Oh, please do not misunderstand! We are all terribly impressed. It is so very patriotic of you to show off your little popper! Are you in a gang? Are you a drug dealer? Are you going to shoot some scary terrorists, Mr. pallid paranoid Constitution-misquoting videogame-addicted guy? Protect all of us here in the casual neighborhood coffee shop from those crazy liberals and their health care reform and organic pretzels? Thank you so much! But really, I think weâ€™ll be OK without your little display. Enjoy your frappucino, wonâ€™t you?
Anyone who’s read this blog has known that I have not been all that supportive of open carry activism, but I find it amazing that a guy like Mark Morford who doesn’t like people shoving their Second Amendment rights in his face, but oh, he has no problems shoving this in the face of San Franciscans (NSFW, don’t say I didn’t warn you), as evidenced by this passage:
That’s right, it’s S&M for charity. It’s S&M for hope and health and progress. Keep your bake sale and your car wash and your telemarketing scams. You want to raise some cash for a cause? Bend over in your buttless leather chaps in a charity spanking booth and let a large hairy sweaty grinning man slap your ass with a leather paddle until it’s the color of a tomato in summer. And sing while he does it. And hand out flowers. And condoms. And smile at the over 300,000 passersby.
Mark Morford would like you to think he’s tolerant, but he’s a piece of intolerant garbage. He’s only tolerant of thinks he believes are enlightened, of things he believes should be tolerated. That’s not tolerance, that’s actually no better than the people he derides as “religious conservatives” trying to “force their morality on everyone else.” Maybe the reason Morford hates them so much is because he has seen the enemy, and it is him.
UPDATE: Apparently my point was lost on the Brady folks, who have updated their post to respond to mine. As someone who supports both gun rights and gay rights, I’m equally sympathetic to both the notion that perhaps we do not advance either respective agenda by shoving guns or assless chaps into anyone’s face who is perhaps less than comfortable wither either. What angers me about people like Morford is they deride and sneer at others for practices that they themselves promote in their own favored cause. Even most open carriers have the consistency to argue that the San Francisco gay rights activists’ flamboyant public displays are equally effective and acceptable. Can’t we expect the same courtesy from someone like Morford to perhaps accept that maybe some gun rights activists are as enthusiastic, and perhaps misguided, as those who would wear assess chaps Â for a public flogging at a gay pride fair, believing that they are advancing their cause? If one is OK, so is the other. And one doesn’t have to believe in either banning homosexuality in public or banning guns in public to accept that some people will take it farther than is wise. Morford doesn’t offer us that courtesy, or even accept that we’re honest citizens with legitimate grievances and concerns. Does the Brady Campaign agree with that?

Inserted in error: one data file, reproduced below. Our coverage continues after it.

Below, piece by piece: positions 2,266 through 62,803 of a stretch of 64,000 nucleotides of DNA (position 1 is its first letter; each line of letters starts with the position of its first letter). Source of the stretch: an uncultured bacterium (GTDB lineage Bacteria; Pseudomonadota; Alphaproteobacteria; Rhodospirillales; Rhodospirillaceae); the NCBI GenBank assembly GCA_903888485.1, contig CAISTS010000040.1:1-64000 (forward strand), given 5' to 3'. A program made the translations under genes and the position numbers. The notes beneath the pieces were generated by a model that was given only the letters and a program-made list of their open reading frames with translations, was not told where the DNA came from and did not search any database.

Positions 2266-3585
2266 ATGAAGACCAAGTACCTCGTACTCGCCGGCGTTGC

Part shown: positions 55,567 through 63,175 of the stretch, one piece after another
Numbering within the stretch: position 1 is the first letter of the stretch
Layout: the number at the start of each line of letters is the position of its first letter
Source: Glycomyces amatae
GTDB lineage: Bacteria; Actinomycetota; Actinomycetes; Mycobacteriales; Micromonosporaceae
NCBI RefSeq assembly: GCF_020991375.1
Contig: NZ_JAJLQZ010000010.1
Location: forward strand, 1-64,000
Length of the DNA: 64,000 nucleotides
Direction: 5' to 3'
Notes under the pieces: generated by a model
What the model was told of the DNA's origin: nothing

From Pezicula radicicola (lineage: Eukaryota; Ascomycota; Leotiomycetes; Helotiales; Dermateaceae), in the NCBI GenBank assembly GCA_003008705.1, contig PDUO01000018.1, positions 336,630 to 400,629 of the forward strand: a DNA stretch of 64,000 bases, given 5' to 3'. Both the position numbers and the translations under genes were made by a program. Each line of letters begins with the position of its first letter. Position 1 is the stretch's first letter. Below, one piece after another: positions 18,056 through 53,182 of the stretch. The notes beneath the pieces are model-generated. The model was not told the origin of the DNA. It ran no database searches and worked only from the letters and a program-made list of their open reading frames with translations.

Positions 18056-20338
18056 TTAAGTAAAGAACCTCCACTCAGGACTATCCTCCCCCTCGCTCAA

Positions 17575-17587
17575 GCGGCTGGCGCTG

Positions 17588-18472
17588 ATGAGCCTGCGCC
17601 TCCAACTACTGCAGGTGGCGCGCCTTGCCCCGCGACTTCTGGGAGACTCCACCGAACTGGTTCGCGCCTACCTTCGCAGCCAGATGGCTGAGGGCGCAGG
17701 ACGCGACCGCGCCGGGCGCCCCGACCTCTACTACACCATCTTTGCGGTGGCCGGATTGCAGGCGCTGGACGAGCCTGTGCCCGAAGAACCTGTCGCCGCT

UPDATE2: I guess since we’re both snowed in, it’s a virtual snowball fight with the Brady folk.
Being concerned about lethal weaponry in the hands of people with no law enforcement training inside a coffee shop patronized by families with kids is simply not in the same universe as outlandish behavior at a â€œgay pride fairâ€. They arenâ€™t even remotely comparable.
This is really the heart of the pro-carry/anti-carry debate, and where we’ll find no common ground. They defend Morford’s dichotomy by rejecting the comparison to gay rights altogether. I would not argue that the respective causes are precisely similar, but I think most ordinary folks with children would probably not agree that no one is harmed by seeing one man whip another man with assless chaps. Certainly there are many that would rather their child see an openly holstered firearm carried by someone who is not law enforcement. Which act would you rather explain to a young child?
But we’ll find no agreement, because they believe the mere act of carrying a firearm is dangerous, unless you have some magical “law enforcement training” which will naturally make the gun not dangerous. We do not believe the act of carrying a firearm to be inherently dangerous, because a holstered firearm (and unloaded in the case of these California activists) is not a dangerous item. Nearly all other potentially dangerous acts involving firearms in public are crimes which people can be punished for, save for self-defense, and if it comes to that in a public place like Starbucks, you’re probably going to be glad someone was there with a gun, whether they have magical “law enforcement training” or not.